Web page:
Paraguay is inching closer to legalizing Bitcoin (BTC) and crypto mining – and potentially opening up its huge hydroelectric power capacity to industrial miners – with more senators lending their support to a key proposal.
The bill has been in the pipelines for several months, and was the brainchild of a group of miners, as well as the MP Carlos Rejala.
Rejala started tweeting about the bill at around the same time as the El Salvador President Nayib Bukele announced his decision to make BTC legal tender alongside the USD. The MP, of the minority Hagamos Party, had stoked international interest by promising that the bill would contain bitcoin-themed “surprises.” When the bill eventually materialized, most observers hoping for an El Salvador-like move were underwhelmed, with one calling it a “huge nothing burger.”
Although the bill proposes regulating the Bitcoin and crypto mining industry along fairly conservative lines, it would – if passed – potentially have an impact on domestic miners hoping to woo international partners.
Currently, a large amount of surplus energy is generated by hydroelectric plants in Itaipú and Yaciretá, and the bill, if passed, would allow miners to move into data centers near these plants and make use of abundant sources of clean energy.
River speeds at the Itaipú and Yaciretá dams are high, and the areas are famous for their powerful waterfalls.
Advocates have claimed that allowing miners to move in would allow the proponents of cleaner BTC mining solutions to take another step away from fossil fuels.
The bill appears to have gained some traction in the Senate. First, Rejala found an ally in Fernando Silva Facetti, a well-respected figure in the Paraguayan Senate. And Facetti’s involvement appears to have swayed others. Fellow senators Tony Apuril and Juan Bartolomé “Ancho” Ramírez have expressed their support for the bill, and the matter was tabled for debate for the first time in the Senate on December 2, Ultima Hora reported.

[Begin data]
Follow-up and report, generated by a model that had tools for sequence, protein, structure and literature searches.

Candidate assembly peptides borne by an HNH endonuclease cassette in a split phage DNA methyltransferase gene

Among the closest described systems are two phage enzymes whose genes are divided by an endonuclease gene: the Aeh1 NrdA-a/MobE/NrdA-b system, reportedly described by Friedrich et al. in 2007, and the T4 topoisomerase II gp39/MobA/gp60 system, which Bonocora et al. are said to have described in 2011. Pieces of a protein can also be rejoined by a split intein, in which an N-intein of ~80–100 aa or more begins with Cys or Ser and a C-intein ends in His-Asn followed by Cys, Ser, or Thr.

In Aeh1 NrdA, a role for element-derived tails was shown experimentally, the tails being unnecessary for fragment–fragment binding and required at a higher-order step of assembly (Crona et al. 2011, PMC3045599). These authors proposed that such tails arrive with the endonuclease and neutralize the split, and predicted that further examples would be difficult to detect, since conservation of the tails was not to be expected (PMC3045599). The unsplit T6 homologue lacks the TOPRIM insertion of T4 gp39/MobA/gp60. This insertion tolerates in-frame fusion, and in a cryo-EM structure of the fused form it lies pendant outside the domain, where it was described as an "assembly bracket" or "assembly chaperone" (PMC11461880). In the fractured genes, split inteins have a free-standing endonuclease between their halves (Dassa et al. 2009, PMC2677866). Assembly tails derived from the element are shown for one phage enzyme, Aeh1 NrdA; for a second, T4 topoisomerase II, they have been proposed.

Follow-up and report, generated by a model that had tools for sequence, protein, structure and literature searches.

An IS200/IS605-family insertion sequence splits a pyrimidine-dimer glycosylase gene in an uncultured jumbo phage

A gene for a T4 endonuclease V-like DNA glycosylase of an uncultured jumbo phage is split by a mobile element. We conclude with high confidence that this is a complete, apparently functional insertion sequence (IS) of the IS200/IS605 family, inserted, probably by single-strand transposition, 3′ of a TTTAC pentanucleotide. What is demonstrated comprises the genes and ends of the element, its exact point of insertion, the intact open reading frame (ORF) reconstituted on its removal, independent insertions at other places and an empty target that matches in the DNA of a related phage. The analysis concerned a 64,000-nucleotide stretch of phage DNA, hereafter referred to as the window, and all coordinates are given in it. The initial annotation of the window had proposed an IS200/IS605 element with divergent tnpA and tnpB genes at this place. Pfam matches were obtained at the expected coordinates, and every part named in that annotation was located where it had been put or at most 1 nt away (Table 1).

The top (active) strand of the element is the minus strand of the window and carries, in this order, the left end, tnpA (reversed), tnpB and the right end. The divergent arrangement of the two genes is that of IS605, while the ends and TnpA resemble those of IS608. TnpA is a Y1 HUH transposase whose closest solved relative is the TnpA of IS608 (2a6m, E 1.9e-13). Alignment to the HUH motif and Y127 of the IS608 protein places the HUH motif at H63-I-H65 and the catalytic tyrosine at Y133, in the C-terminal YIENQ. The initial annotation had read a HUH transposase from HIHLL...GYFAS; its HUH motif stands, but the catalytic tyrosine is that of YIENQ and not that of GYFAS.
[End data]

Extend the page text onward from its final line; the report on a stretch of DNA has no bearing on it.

And although Silva Facetti conceded that the debate could well be pushed back by as much as a week due to other Senate matters, it appears that the bill will have its time in the upper house in the coming days.
Silva Facetti was quoted as noting that the bill was “very innovative,” and pointed out that “digital mining is already a reality,” as it is “being carried out actively in Paraguay.”
Current mining efforts are relatively small in scale, however. The new bill, the senator and his allies, feel, could change that.
He called on lawmakers to foster mining as a “new industry sector” for the country, and was quoted as saying:
“[Crypto mining] makes use of special machinery such as data processors. It could well be compared to an electro-intensive industry, because a large amount of electrical energy is consumed in the process. You also need a specialized labor force.”
This, he added, all “generates a final product that can be marketed” – namely cryptoassets. These, he said, “acquire visibility in the market, as if they were just another commodity.”
He noted that the move would allow crypto and mining to “cease from operating” in the “grey area” they currently exist in.
And the senator explained the need to act thusly:
“There are firms that have registered [with the government] as data centers, but they are [actually] digital miners. This is how they justify their electricity consumption rates.”